Landscape vs Portrait Orientation in Nature Photography

wildlife photography landscape vs portrait

When it comes to composition, one of the most important considerations we as photographers need to make is whether we shoot in landscape vs portrait orientation.

It can sometimes seem like an obvious choice, but there will always be occasions when it is not so clear.

landscape vs portrait orientation

In this article, we will explore when and why you might choose to use either formatting option, and look at the ways in which you can make the most of your chosen image orientation in your nature photography!

Breaking traditions

It should come as no surprise that traditionally, landscape orientation is most commonly associated with landscape photography.

Large skylines and vistas can be framed with ease when the camera is horizontal, especially when shot with a wide-angle lens.

Composing in this way captures an image that is close to how the human eye views a scene, so it often appears most balanced.

landscape vs portrait photography

Unsurprisingly, portrait orientation is traditionally mostly used for portrait photographs. The narrow frame focuses the viewer on the subject and can be more suitable for more upright, vertical views, such as a person’s or an animal’s upper body.

However, there are no hard and fast rules here. In today’s saturated market, breaking these traditions and pushing the boundaries is often when the most compelling images are created.

Top Tip: It’s best never to get stuck thinking about the way something ‘should’ be done. I would always encourage budding photographers to test the boundaries of their knowledge and push back against the ‘ideals’ of certain photographic rules.

Why not set yourself the task of shooting landscape photographs in portrait format and portrait images in landscape?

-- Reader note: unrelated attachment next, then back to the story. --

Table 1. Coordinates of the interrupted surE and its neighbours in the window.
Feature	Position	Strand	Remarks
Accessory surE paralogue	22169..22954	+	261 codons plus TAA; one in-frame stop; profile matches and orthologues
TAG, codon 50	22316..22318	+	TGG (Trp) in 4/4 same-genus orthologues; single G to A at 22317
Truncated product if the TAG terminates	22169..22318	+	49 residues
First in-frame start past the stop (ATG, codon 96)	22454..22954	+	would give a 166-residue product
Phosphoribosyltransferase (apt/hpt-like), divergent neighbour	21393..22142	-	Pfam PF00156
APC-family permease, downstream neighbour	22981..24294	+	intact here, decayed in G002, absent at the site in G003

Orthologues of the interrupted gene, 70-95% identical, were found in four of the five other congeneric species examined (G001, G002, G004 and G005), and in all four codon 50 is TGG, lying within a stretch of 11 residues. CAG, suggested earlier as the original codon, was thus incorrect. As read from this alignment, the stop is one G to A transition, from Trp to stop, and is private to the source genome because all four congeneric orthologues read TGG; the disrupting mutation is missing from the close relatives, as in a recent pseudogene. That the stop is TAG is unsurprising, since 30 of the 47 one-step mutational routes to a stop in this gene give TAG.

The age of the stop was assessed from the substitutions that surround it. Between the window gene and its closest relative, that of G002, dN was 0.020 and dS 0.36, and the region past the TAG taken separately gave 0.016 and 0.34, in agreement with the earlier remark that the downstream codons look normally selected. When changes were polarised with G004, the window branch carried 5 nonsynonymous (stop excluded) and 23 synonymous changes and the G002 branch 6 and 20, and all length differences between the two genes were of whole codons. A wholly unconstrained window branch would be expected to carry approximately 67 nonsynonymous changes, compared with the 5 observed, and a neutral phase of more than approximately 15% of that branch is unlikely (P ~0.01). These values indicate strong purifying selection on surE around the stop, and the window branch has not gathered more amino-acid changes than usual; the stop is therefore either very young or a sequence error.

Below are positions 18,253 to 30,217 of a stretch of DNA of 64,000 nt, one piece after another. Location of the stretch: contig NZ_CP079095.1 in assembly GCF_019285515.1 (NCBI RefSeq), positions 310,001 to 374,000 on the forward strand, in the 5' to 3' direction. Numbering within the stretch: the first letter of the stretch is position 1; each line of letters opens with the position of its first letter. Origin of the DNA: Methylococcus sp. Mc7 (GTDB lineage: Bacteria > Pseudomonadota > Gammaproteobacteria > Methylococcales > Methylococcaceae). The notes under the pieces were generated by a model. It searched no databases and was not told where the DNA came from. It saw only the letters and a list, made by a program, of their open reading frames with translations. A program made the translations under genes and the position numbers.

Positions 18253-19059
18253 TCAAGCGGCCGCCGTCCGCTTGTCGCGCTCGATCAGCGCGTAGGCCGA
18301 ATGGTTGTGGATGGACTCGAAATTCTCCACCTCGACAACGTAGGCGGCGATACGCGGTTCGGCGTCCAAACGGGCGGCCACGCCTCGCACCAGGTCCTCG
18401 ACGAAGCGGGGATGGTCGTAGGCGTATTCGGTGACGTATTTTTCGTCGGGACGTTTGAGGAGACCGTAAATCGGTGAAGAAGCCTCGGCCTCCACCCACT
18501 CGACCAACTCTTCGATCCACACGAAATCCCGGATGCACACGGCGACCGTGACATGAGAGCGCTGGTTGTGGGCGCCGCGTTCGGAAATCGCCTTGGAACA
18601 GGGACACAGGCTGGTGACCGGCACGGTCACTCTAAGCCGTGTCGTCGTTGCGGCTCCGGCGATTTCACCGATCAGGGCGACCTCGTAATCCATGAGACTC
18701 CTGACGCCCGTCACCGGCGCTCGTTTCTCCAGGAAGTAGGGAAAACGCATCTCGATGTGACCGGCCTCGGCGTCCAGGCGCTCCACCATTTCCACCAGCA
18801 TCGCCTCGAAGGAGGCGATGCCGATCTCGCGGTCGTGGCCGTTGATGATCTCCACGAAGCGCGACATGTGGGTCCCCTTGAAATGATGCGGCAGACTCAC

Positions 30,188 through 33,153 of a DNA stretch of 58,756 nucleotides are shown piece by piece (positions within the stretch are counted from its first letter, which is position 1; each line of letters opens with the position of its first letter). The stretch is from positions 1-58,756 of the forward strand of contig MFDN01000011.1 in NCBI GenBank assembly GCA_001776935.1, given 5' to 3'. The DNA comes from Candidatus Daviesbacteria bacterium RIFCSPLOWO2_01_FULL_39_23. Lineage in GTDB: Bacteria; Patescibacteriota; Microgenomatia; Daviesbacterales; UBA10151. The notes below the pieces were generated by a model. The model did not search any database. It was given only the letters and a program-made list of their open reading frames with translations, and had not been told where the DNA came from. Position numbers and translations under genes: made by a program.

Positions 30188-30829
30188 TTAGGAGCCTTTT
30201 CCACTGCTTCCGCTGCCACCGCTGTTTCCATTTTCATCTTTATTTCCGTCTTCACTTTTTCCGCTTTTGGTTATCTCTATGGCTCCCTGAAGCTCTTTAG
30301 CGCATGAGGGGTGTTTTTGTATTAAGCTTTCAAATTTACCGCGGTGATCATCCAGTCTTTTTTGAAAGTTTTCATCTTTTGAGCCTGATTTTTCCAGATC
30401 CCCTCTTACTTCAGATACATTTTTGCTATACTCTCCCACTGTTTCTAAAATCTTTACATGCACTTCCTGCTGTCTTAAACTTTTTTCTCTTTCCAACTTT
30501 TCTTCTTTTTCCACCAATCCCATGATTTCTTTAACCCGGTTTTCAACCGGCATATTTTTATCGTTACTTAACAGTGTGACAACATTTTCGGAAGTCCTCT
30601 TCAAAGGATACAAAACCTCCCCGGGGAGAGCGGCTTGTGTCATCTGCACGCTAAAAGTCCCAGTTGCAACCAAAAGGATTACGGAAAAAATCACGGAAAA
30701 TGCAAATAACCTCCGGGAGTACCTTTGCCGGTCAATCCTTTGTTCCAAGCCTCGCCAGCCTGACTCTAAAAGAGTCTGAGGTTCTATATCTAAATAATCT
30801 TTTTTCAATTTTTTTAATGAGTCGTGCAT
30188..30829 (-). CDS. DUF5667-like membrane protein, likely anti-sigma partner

Read more: Long Exposure Photography – Creative Landscapes with a Slow Shutter

How to Photograph Landscapes in Portrait Orientation

Landscape images are so often suited to the landscape format that it is often difficult to train your eye to visualize a landscape composition in portrait orientation.

Breaking away from this rule, however, is a great way of pushing your creative boundaries. By setting yourself the task of shooting a landscape only in portrait, you will inevitably force yourself to view each scene differently.

landscape vs portrait orientation

Here are some things to think about when out in the field aiming to compose your vertical landscape shots:

Think vertical

When composing portrait orientation landscape images, look for vertical leading lines, rather than horizontal ones. A line of rocks, a dock over a lake, or a path, for instance, can lead the viewer’s eye through the frame.

If the path twists and turns diagonally through the picture, this can add a strong dynamic element.

Try trees

Features that naturally have a vertical shape, such as trees, can also work well as focal points within the landscape.

A prominent feature such as a lone tree will pull the viewer’s eye at first glance, before they then go on to explore the rest of the frame.

Find the depth

Depth can also be emphasized by shooting landscapes in portrait orientation. Using a wide lens will exaggerate the effect, and including some strong foreground interest will set an anchor point.

Read more: How to Use a Wide-angle Lens for Landscape Photography

Feature the foreground

Going in close to a foreground feature will emphasize perspective and further increase the feeling of depth within a scene.

Keep in mind that you may need to stop your aperture down to increase depth of field if you are to achieve front-to-back sharpness, especially when you are focusing close to your foreground interest.

Calculating the hyperfocal distance will ensure that you achieve the maximum depth of field, but simply focusing just past your foreground subject and using a small aperture is a much quicker way, and should ensure enough depth of field for even the most expansive scene.

Read more: Landscape Composition – Using Foreground to Create Depth

Focus on the details

Using a longer focal length and closing in on smaller, more intimate details within the landscape can be another great way of exploring portrait orientation.

Natural textures and shapes created by mountains, perhaps, or cascading water as it flows between boulders.

These smaller details can reveal interesting shapes, patterns, and form which would otherwise become lost in the wider scene.